Clinical Psychology and Neuropsychology of the University of Konstanz, Germany, offers one of Europe’s most exceptional possibilities for carrying out new projects in the fields of clinical psychology and behavioural neuroscience. Located at the Centre for Psychiatry, Reichenau, different patient groups are treated as out-patients and in-patients at a research ward, depending on the particular research projects. This research ward and its neurophysiology and neuroimaging laboratories offer a basis for various projects that explore epidemiological, etiological, psychopathological, and therapeutic questions. Patient groups include elderly people with particular challenges like those after stroke, early dementia and schizophrenia. The geriatric ward of the hospital is located in the house next to this centre that is used for educational purposes as well as for research projects.

The experience of the members of this interdisciplinary group in Clinical Psychology, Psychophysiology and Brain Imaging is documented by 20 years of continuing publications in the field, including text and research books and publication in specific journals such as Biological Psychiatry, BMC Psychiatry etc., and in high-wire journals including Nature, Science, PNAS and PloS Medicine. A 128-, a 256-channel EEG-amplifier and a Whole-Head 148-channel MEG are routinely operated. Functional MRI is available with a 1.5 Tesla Magnet.

At the University of Konstanz, Clinical Psychology is based on the development and application of modern neuroscience with the purpose of understanding and treating disorders of cognition, affect, and behaviour. Our approach focuses on mental illness and dementia as the result of a malfunctioning brain, an aberration that appears first in the dynamics of the brain's activity and its functional organization before macroscopic structural deviations may become obvious. The emphasis of our projects is, thus, the imaging of processes related to behaviourally defined psychological function and dysfunction. Temporal and spatial patterns of neuronal mass discharges can provide access to the rapidly varying neurophysiological substrate of the psychological events under investigation. Insights into patterns and sequences of temporo-spatial brain activation as a function of psychological processes is at the very centre of understanding deviant behavioural and cognitive responses – the research domain of clinical psychology.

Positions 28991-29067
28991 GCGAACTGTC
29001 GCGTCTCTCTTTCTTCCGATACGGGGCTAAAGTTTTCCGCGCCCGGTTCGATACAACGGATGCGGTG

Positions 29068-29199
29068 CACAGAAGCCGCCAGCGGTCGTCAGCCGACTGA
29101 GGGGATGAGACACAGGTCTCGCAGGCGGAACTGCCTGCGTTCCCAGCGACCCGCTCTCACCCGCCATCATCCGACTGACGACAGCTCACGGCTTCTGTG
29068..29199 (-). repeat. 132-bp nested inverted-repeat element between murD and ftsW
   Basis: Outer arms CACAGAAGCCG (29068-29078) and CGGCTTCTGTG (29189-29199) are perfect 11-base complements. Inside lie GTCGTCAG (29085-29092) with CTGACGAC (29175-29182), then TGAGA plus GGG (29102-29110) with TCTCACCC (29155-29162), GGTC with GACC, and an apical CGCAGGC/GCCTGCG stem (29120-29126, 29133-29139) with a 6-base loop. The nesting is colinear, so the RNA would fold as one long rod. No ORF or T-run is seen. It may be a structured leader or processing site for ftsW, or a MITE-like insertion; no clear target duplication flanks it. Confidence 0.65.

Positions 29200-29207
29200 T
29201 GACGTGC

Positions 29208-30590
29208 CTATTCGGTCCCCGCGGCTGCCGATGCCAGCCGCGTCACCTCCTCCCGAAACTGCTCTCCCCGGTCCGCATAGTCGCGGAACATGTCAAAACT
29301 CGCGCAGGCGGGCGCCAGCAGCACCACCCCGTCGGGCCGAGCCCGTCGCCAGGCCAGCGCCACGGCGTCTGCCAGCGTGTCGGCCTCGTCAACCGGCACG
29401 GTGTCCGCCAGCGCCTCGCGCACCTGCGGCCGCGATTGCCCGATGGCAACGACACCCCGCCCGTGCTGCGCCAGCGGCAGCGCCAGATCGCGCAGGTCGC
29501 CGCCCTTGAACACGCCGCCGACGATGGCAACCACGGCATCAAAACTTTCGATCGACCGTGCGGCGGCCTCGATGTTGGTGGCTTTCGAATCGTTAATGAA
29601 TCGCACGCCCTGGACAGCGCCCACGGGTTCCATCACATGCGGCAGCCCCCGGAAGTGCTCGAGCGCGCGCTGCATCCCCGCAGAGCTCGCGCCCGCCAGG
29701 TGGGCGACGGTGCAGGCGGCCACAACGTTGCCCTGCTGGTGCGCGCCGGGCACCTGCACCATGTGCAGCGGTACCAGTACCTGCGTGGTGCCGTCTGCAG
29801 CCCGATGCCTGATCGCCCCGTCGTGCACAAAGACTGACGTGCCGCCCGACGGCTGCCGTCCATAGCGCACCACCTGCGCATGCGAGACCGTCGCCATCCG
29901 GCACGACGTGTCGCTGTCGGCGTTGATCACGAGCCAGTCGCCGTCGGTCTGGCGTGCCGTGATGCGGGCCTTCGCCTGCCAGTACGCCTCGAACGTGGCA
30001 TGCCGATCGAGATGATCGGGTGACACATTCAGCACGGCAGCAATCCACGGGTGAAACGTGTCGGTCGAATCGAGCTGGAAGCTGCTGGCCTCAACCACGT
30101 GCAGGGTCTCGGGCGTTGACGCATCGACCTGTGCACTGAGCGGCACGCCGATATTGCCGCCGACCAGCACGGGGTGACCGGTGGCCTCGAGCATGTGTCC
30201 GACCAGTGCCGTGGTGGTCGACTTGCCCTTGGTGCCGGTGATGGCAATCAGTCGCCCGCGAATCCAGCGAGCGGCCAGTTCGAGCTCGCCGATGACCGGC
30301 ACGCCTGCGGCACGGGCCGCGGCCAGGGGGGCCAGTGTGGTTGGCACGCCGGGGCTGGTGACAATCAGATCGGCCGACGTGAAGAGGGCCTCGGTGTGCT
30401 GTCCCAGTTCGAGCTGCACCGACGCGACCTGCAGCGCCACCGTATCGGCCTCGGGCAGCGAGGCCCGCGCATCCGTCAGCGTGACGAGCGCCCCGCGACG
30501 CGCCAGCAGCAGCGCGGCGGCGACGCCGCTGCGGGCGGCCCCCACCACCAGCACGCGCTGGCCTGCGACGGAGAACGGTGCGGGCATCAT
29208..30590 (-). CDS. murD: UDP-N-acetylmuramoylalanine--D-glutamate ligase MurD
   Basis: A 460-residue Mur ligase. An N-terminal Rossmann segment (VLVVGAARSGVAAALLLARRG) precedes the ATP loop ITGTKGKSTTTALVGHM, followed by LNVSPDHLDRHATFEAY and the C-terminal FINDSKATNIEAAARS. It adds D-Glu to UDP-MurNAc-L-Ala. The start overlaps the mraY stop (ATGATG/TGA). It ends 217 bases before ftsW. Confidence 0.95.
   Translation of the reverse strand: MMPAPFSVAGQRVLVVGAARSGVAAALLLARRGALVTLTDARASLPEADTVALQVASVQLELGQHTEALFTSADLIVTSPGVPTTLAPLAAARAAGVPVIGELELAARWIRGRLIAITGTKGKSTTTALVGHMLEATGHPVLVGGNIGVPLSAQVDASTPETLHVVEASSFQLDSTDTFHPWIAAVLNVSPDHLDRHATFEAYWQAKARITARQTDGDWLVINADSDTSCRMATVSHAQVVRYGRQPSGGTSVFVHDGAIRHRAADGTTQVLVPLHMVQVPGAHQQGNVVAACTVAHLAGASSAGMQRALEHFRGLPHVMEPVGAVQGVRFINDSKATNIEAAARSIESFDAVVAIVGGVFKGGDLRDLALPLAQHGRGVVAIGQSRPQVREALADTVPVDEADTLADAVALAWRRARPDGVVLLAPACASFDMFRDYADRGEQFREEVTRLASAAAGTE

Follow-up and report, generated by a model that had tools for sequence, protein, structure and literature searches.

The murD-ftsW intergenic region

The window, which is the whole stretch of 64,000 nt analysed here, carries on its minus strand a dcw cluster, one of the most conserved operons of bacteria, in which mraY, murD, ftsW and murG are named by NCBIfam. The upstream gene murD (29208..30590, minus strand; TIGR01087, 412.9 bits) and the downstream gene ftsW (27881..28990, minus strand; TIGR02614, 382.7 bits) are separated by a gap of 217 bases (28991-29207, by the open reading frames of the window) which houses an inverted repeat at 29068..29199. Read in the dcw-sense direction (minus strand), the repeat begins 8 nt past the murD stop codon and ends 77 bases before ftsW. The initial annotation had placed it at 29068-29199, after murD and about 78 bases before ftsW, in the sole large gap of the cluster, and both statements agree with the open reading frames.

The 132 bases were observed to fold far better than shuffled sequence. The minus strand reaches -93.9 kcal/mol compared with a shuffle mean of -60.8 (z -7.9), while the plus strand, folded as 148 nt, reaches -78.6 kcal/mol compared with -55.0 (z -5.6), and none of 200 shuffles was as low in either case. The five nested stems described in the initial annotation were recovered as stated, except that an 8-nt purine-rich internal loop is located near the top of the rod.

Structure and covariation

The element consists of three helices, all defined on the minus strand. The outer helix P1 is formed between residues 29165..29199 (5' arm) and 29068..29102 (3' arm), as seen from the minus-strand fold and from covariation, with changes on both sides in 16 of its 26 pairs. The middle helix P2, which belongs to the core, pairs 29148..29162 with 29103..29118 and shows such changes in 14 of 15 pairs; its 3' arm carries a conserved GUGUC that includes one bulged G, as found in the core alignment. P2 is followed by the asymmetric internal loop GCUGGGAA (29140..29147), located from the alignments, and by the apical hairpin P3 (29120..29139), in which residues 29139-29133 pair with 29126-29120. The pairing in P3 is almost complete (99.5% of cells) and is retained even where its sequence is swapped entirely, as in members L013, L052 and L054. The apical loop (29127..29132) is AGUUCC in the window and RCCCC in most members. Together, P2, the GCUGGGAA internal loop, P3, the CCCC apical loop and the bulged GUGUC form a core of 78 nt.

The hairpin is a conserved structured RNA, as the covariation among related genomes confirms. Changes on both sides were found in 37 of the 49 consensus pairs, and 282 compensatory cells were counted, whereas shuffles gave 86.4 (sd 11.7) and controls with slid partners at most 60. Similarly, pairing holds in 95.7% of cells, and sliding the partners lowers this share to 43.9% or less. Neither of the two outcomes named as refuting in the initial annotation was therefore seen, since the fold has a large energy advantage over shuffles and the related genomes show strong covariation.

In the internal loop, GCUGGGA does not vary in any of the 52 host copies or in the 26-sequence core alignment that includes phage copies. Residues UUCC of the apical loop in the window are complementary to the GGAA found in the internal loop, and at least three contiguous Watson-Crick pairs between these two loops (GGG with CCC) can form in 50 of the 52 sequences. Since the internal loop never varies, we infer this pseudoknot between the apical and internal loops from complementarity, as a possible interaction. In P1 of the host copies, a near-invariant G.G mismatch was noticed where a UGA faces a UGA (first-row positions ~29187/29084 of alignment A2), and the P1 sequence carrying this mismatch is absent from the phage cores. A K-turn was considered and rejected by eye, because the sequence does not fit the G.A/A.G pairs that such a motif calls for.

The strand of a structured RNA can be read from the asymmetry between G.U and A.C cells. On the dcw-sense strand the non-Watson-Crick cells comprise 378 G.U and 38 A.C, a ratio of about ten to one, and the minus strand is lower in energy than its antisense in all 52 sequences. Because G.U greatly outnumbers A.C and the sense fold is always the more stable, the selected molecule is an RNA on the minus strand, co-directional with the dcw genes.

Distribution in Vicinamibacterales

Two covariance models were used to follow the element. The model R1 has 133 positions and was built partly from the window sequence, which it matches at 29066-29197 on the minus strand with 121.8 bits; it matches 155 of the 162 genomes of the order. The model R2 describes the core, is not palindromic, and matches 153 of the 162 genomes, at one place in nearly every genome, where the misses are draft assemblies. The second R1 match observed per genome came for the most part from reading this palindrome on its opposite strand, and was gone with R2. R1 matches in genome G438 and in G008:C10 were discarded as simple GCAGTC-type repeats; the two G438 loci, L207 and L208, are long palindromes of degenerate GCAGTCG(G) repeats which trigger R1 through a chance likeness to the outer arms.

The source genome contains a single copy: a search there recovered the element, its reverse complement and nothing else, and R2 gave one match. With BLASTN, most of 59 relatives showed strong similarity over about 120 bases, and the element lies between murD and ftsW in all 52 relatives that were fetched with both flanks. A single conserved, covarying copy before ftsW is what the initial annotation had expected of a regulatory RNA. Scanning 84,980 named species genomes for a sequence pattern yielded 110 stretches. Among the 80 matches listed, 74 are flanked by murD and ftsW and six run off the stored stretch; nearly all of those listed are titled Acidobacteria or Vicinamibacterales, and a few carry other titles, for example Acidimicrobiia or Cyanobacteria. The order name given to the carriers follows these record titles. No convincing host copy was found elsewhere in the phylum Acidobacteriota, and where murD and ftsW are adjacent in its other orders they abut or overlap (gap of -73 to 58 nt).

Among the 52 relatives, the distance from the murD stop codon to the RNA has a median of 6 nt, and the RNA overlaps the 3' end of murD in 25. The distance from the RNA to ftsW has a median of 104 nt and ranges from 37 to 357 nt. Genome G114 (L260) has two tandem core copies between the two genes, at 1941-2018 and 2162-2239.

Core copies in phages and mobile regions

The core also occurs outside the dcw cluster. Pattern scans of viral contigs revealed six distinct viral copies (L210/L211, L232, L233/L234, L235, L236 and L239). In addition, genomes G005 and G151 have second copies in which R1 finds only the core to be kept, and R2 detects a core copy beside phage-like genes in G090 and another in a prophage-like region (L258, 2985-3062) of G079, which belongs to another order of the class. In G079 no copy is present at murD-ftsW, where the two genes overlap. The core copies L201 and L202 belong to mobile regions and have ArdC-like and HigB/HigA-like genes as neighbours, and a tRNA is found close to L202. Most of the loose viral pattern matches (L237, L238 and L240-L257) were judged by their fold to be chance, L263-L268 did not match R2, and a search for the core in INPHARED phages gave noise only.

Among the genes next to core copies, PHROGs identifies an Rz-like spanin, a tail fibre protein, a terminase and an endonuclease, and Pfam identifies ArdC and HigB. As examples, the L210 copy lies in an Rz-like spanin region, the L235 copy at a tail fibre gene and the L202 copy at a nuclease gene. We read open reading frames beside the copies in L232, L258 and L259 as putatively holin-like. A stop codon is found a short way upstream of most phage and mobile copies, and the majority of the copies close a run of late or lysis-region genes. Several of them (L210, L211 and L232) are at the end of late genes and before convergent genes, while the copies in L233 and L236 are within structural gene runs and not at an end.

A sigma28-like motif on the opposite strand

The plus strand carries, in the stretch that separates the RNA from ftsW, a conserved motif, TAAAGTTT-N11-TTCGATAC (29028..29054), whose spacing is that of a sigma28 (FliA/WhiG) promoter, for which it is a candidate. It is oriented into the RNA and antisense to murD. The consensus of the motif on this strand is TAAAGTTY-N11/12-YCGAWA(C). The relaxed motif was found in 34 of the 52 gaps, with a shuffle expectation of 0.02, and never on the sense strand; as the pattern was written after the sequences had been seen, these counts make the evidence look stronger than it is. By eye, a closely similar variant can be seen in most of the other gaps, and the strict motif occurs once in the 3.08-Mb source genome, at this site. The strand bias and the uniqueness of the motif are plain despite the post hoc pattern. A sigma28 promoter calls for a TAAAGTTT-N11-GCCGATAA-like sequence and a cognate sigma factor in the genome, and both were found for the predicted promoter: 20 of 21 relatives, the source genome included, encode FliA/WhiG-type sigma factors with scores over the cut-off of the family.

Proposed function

In LLM, Konstanz will focus on the evaluation of treatment success and therapy-related changes in the brain using cutting-edge technology and methods of neuroscience, particularly neuroimaging with MEG and fMRI, using standard techniques in which they have longstanding experience as well as new techniques pioneered in Konstanz. Their expertise in neuropsychological assessment will form the core on which the evaluations of this project will be built, and they will also greatly contribute to the design of the training exercises, based on their vast experience and world-class expertise with clinical neurorehabilitation and the investigation of neuroplasticity.